Shaun Johnson, founding Executive Director of the Mandela Rhodes Foundation and dedicated member of Rhodes University’s Board of Governors, died at his home on Monday 24 February 2020, at the age of 60.
Johnson first became involved with Rhodes University as a first year student in the late 1970s. In 1981, he graduated with a BJourn degree, followed by a BA (Hons) in Journalism and Politics from Rhodes University in 1982.
Johnson continued his studies at the University of Oxford, where he was a Rhodes Scholar and later recognised as a Distinguished Rhodes Scholar (2019).
During the 1980s, Johnson became a renowned anti-apartheid journalist and was one of the early members of the Weekly Mail team (now Mail & Guardian). During his media career, he occupied positions at The Star (Johannesburg), Cape Argus, Saturday Star, and The Sunday Independent (as founding Editor). He was a member of Independent News & Media plc’s International Advisory Board, Chairman of the Cape Town Partnership and a Trustee of various charitable organisations.
In 1994, he published a bestselling book about South Africa’s transition, called Strange Days Indeed, with an introduction by Nelson Mandela. In 2007, he published his first novel, The Native Commissioner, which went on to win a Commonwealth Writer’s Prize, the MNet Literary Award and Neilsen Booksellers’ Choice Book of the Year Award. It also received endorsements from Nobel Laureates JM Coetzee and Nadine Gordimer.
In 2003, Johnson founded The Mandela Rhodes Foundation. According to the Foundation’s website, it was built by Johnson “from the ground up, invigorated by Madiba’s vision of changing Africa through its young leaders”. The Foundation’s vision of building leadership excellence in Africa exemplifies Rhodes University’s motto “where leaders learn”.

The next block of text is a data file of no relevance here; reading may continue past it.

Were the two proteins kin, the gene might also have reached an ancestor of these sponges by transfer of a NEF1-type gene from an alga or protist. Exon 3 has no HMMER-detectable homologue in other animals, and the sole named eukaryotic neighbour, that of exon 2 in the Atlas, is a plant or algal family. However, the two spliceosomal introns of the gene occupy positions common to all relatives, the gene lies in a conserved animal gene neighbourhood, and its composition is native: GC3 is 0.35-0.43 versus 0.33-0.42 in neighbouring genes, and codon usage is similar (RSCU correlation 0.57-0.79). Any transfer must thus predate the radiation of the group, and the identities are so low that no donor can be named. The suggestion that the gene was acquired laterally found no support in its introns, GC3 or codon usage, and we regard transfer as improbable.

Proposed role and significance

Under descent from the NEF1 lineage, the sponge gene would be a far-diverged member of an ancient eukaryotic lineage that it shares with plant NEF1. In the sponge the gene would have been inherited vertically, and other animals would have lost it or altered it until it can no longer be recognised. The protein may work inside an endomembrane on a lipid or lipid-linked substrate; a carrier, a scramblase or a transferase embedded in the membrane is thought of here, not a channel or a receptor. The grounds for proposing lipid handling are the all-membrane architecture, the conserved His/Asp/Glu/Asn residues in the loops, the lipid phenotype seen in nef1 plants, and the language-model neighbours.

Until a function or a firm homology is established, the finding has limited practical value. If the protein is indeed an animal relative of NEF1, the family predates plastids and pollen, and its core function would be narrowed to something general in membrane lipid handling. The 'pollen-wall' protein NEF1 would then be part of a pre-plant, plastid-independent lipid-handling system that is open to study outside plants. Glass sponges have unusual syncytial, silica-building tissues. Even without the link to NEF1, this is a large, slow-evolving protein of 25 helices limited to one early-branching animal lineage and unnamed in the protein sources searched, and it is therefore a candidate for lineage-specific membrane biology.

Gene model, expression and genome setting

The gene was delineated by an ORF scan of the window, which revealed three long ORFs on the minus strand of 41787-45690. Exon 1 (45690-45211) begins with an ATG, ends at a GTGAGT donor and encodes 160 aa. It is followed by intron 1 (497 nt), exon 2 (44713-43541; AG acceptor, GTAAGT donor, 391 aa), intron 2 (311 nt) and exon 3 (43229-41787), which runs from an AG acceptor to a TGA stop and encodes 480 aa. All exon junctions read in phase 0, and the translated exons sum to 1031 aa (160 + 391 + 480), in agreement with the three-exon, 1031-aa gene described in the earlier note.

Over the years, 66 Rhodes University students have qualified and were awarded the Foundation’s flagship scholarships, often in record numbers compared to other universities.
In 2004, the year Rhodes University celebrated its centenary year, Johnson was awarded a Distinguished Alumni Award – an honour which is bestowed on alumni who best represent the University’s vision.
As his Foundation’s website describes him, “Shaun’s leadership was characterised by aspiring for the most audacious of goals, delivering to the highest standards of excellence, while inspiring and galvanising everyone around him.”
Johnson “returned” to his alma mater in 2013, when he began his five-year term to serve on the University’s Board of Governors.
“Our deepest condolences go out his family and loved ones. Shaun Johnson was the epitome of the kind of leader Rhodes University tries to inspire our students to be. We were privileged that, through the years, he remained involved with the University in some way or another. His generosity, dedication and humanity will persist in the hearts of the Rhodes University community for many years to come,” Rhodes University Vice-Chancellor, Dr Sizwe Mabizela, said.
According to the Foundation, details of a public memorial service for Johnson will be announced in due course. In the interim, the family thanks friends, colleagues and acquaintances for their care and concern and asks that their privacy be respected during this time.
Shaun Johnson leaves behind his wife Stefania and daughter Luna.
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